This year's centennial celebration of radiological imaging at RSNA in Chicago again attracted the brightest minds in medical imaging from around the world. It showcased the latest advances and highlighted our profession's strengths. Themeeting was a hit, with a sense of optimism permeating the canyon-like convention center. But now, the meeting is over. ... And now, our challenge is to sustain and gain that momentum.
It's that time of year again--the week after Thanksgiving in Chicago, that is--when radiologists, sales-reps, administrators, and corporate-types converge on the McCormick Center for the annual meeting of the Radiological Society of North America.
What is the first thing that comes to mind when thinking about RSNA? Cab lines? Coat checks? Really,reallylong walks in uncomfortable shoes? Mediocre wireless connectivity? Warm Chicago weather?
On the surface, the meeting sounds worse than a prison sentence. Why on Earth do we all congregate, like clockwork, on the south-side every year?
It has been anointed as the next key frontier in healthcare. Patient-generated data, that is. A recentFierceHealthITpostfeaturing John Halamka, CIO at Beth Israel Deaconess Medical Center in Boston, focused on this important topic and highlighted the ease-of-use of the devices, the financial support that likely will be provided by Meaningful Use legislation, and acceptance of health monitoring devices as a necessity between episodes of care.
Walmarthas opened five primary care offices across the country with plans to add more. These offices are in/near their stores. And, the supply-chain-rich, nationally-networked behemoth has decided to roll out this initiative by targeting underserved populations. Consequently, it is necessary to ask ourselves, "What is next?" I argue thatimagingwill be the next service offered at discount prices by our local stores. "Welcome to Walmart! Would you like to get a mammogram today?"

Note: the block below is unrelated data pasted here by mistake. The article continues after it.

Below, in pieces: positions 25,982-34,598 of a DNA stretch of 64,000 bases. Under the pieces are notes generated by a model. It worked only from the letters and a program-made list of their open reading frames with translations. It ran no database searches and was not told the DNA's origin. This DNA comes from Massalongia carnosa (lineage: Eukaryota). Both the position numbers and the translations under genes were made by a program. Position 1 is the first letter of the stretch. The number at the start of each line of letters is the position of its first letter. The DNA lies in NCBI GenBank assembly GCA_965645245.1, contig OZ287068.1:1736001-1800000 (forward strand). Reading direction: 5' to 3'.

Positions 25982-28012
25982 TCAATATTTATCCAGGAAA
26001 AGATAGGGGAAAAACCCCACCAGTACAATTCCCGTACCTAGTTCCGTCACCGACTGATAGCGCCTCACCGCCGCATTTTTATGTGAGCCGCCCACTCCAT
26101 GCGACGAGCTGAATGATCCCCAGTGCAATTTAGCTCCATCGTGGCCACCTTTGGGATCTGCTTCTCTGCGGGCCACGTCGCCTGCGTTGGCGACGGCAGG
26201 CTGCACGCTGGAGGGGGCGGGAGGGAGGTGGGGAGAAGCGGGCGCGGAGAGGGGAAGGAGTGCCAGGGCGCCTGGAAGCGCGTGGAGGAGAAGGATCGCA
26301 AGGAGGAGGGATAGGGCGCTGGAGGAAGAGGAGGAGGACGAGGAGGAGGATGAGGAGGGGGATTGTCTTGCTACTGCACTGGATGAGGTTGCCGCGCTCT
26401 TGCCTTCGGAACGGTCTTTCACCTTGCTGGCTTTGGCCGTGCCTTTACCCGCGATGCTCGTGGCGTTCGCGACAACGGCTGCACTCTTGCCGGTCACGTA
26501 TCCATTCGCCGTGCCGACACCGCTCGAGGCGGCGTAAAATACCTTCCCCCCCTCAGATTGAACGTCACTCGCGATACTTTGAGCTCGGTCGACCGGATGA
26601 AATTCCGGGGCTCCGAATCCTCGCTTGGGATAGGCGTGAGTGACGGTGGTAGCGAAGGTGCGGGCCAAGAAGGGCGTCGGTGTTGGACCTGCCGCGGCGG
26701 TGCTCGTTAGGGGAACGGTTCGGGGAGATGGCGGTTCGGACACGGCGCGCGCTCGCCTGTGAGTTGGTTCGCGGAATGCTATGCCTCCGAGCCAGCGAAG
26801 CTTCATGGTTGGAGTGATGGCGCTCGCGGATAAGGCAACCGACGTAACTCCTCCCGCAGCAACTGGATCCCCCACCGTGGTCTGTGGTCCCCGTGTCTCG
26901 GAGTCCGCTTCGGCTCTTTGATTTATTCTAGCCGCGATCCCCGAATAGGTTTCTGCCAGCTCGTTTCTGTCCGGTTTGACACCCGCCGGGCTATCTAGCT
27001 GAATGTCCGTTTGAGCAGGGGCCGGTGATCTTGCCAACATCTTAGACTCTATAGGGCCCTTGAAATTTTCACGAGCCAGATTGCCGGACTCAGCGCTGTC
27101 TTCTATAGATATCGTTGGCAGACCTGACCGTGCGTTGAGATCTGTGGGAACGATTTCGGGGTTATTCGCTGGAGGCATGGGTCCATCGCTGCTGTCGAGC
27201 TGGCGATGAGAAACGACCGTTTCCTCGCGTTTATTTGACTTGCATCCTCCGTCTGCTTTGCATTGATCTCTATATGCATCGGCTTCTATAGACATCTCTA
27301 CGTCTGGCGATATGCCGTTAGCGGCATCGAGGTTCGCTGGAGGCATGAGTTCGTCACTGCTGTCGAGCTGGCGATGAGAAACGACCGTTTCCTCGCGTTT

The medical association landscape is changing. Declining memberships, increasing member disengagement and duplication of efforts continue to threaten these organizations that established our professional sovereignty and ability to self-govern.
A permanent fix to the sustainable growth rate formula eluded Congress again--stunning, I know. Another year of SGR duct tape. AndICD-10 was laughably delayed for yet another year. (How many ICD-11 jokes have you heard over the last couple of weeks?) This kind of partisan-driven politicking escalates the apathy that many physicians already have for Washington. But maybe that's their objective.
How do we get paid? Taboo question for a doctor to ask, right? When I think about reimbursement, my head spins into a wild vortex of bewilderment and non-cohesive mush. Summarizing the problems, complaints and processes associated with medical reimbursement in a brief column is akin to teaching my 5 year-old the theory of relativity. But I know you only have three-and-a-half more minutes to read this column, so I'll stop procrastinating.